This is a delightful dance-theater experience that takes you straight into the poignant and poetic world of magical Ukrainian folklore, where the moon dances with the stars in the blue vault of heaven, spring blazes with plentiful flowers and willows bend like drunkards in the wind.
At base are the ancient traditions of oral storytelling and the piercing tone and expressive embellishment of traditional Ukrainian “open-throat” singing, both mastered by narrator Nadia Tarnawsky. Her solid, motherly presence anchors the hour-long performance, which weaves through eight scenes of poetry, dancing, singing and puppetry loosely tracing the divergent life paths of two sisters, one rich and one poor.
Alternately speaking and singing, with deftly interspersed Ukrainian-to-English translations, Tarnawsky’s voice joins additional recorded voices and traditional ethnic instruments including cimbalom, violin, sopilka, zozulka and bandura, according to program notes. Dancers Erin Conway, Catherine Meredith, Anna Roberts and Mark Tomasic (who had a terrific solo portraying Fire) bring emotion, vitality and clarity to Natalie M. Kapeluck’s choreography, portraying a variety of characters and situations extremely well within the limited space they have to work at the Contemporary Arts Center’s black box theater. They also become puppeteers and prop masters, as needed.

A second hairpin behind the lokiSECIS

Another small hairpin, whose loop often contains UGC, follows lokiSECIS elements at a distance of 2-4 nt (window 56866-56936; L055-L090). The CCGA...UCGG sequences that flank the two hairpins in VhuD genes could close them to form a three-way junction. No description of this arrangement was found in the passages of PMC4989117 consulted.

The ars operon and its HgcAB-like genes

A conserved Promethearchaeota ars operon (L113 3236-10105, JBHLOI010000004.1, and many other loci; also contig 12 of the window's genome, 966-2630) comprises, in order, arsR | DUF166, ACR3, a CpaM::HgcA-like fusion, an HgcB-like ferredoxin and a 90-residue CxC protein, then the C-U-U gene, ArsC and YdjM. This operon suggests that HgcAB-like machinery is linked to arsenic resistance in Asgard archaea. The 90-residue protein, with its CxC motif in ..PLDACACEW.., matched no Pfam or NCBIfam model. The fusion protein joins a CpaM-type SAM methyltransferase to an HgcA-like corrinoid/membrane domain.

Ancestral Voices has so much aural and visual richness that following the sisters’ lives eventually didn’t seem nearly as important as marveling at the wondrous tales being told along the way. As “the stars speak to the moon,” two dancers loft illuminated globes that represent the moon and a star dancing a charming duet.
A new bride, thrust into the home of her unfriendly mother-in-law, is transformed into a poplar tree during her husband’s absence, which the mother-in-law then commands him to cut. The tree begs, “Don’t chop me, beloved. I am your wife.” It is too late, but a child is found within the branches of the tree.
A barrel-maker’s daughter (portrayed cleverly by a life-size puppet with two “live” arms) refuses a man’s advances and runs away. When he catches her, she tells him she would rather “rot in the grave than live in slavery with you.” He dispatches her, but her grave beckons to the Wind (given voice by an undulating dancer and a flute), saying “Do not let me fade away.”
A woman sings “Mother, I Love a Man of the Black Sea” who leads “me barefoot through the frost.” When her lover disappears at sea (from a wooden boat floating on top of a fabric sea), the bereft woman vows to become a mermaid, “find him and embrace him.”
The final scene evokes a celebration feast but, like all things folkloric, brushed with melancholy. When, surrounded by masked dancer in the guise of Earth, Wind, Water and Fire, Tarnawsky’s singer finally prophesies that her soul “shall speak in the leaves of the willow tree” and intones “remember me when I am gone.” It's a lovely and heartbreaking moment, as authentic as you're likely to get in these days of easy virtual entertainment. Grade: A-
— Kathy Valin